Looking to retire and hunt and fish in Argentina

  • Hi folks,

    New guy here. I am 59 but will be sixty come January. I live in Culver City , in Los Angeles County which is not a great place for hunting and fishing. I hope to retire on Social Security at age 62. I hope as a single male I can live not in the big cities but say Cordoba or maybe in the mountains for 1,400 USD a month.

    I did flyfishing once in Puchon, Chile which is I believe sixty or so miles from Argentina so I love the Southern region of South America.

    Can foreigners own hunting rifles and shotguns in Argentina with some sort of permit? I imagine handguns are not legal for forigeners.

    Ideally I would rent a small house in the country and buy a used car.

    Is the food in Argentina similar to Chile? I imagine once one is away from the big cities one must know Spanish very well. In Los Angeles County most or a good sized percentage of Spanish speakers are Mexican followed by El Salvadoreans and Guatemalans so I would think it's a bit different Spanish or is it like American vs Australian English?

    We do have Argentians of course but there a relatively small part of the Spanish speaking population.

    Any answers would be welcome. I would if possible in a rural setting like to live nearby English speaking Expats.


    Thanking people in advance,

    Leonard

  • Hi Leonard. I've no idea about Cordoba as my trout fishing experiences in Argenina both river and lake have all been down south in the St Martin de los Andes area. Local rules apply regarding fishing permits, if you're a resident a permit is very cheap compared to what a visitor from outside the area has to pay. I'm not into hunting with guns so can't offer any advice.


    If I were you I'd come here on a fact finding mission/holiday first. I'm not so sure moving here permanently is going to be as easy as you might think on your budget. I certainly wouldn't do it.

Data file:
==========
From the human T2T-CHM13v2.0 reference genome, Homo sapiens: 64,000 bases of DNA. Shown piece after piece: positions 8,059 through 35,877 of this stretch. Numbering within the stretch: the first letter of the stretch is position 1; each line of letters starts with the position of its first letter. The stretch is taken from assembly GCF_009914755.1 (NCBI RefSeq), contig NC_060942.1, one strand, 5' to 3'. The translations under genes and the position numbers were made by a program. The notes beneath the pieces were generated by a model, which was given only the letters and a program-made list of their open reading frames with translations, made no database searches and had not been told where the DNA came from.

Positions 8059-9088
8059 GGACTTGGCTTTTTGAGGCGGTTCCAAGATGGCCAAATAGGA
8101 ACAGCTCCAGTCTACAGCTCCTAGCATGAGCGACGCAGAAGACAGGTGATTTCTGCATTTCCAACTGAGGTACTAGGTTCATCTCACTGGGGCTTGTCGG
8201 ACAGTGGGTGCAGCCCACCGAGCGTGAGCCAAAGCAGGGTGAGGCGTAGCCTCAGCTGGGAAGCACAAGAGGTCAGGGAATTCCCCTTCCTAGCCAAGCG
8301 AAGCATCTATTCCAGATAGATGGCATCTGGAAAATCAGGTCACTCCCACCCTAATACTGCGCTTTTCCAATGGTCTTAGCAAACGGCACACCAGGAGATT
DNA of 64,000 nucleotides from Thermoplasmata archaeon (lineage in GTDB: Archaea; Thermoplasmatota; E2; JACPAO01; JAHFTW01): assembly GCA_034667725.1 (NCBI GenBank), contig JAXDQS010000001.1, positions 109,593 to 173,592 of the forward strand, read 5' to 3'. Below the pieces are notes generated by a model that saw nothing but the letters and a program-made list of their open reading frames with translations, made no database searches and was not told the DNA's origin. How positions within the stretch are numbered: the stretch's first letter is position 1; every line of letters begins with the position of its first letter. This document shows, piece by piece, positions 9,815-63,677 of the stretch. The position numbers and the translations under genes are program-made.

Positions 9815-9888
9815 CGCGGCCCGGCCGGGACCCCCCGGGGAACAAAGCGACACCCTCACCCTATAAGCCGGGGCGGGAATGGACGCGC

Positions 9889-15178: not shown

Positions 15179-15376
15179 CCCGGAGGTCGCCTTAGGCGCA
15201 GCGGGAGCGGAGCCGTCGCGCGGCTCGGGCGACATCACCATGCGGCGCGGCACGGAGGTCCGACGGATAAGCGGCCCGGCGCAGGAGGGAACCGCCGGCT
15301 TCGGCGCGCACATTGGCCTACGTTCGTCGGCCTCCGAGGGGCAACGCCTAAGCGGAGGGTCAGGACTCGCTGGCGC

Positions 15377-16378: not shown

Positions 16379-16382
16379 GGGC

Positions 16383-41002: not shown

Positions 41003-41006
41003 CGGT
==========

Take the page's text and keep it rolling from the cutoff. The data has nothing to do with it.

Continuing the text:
• USD 1,400 a month is enough to live outside a city and outside Buenos Aires at the moment, especially for a single person who is living a relatively modest life. If you have a means to exchange at the blue rate (or close), that $1400 is around 240,000 - 250,000 pesos... vastly more than the avrage Argentine earns, and probably upper middle class in rural areas.


    One problem is, Argentina's economy can quickly change. $1400 has not always been enough since I have been living here. If things were to change, that salary may end up being too little. Still, as of right now you will be able to live well on that amount with blue rate exchanges.


    Also, I do not think you are going to find a rich expat community outside of the center of Captial (Buenos Aires). If you are in a rural area, you are unlikely to find many expats at all.

  • USD 1,400 a month is enough to live outside a city and outside Buenos Aires at the moment, especially for a single person who is living a relatively modest life. If you have a means to exchange at the blue rate (or close), that $1400 is around 240,000 - 250,000 pesos... vastly more than the avrage Argentine earns, and probably upper middle class in rural areas.


    One problem is, Argentina's economy can quickly change. $1400 has not always been enough since I have been living here. If things were to change, that salary may end up being too little. Still, as of right now you will be able to live well on that amount with blue rate exchanges.


    Also, I do not think you are going to find a rich expat community outside of the center of Captial (Buenos Aires). If you are in a rural area, you are unlikely to find many expats at all.

    Must admit my first reaction was similar to yours....especially if living the 'Blue' life.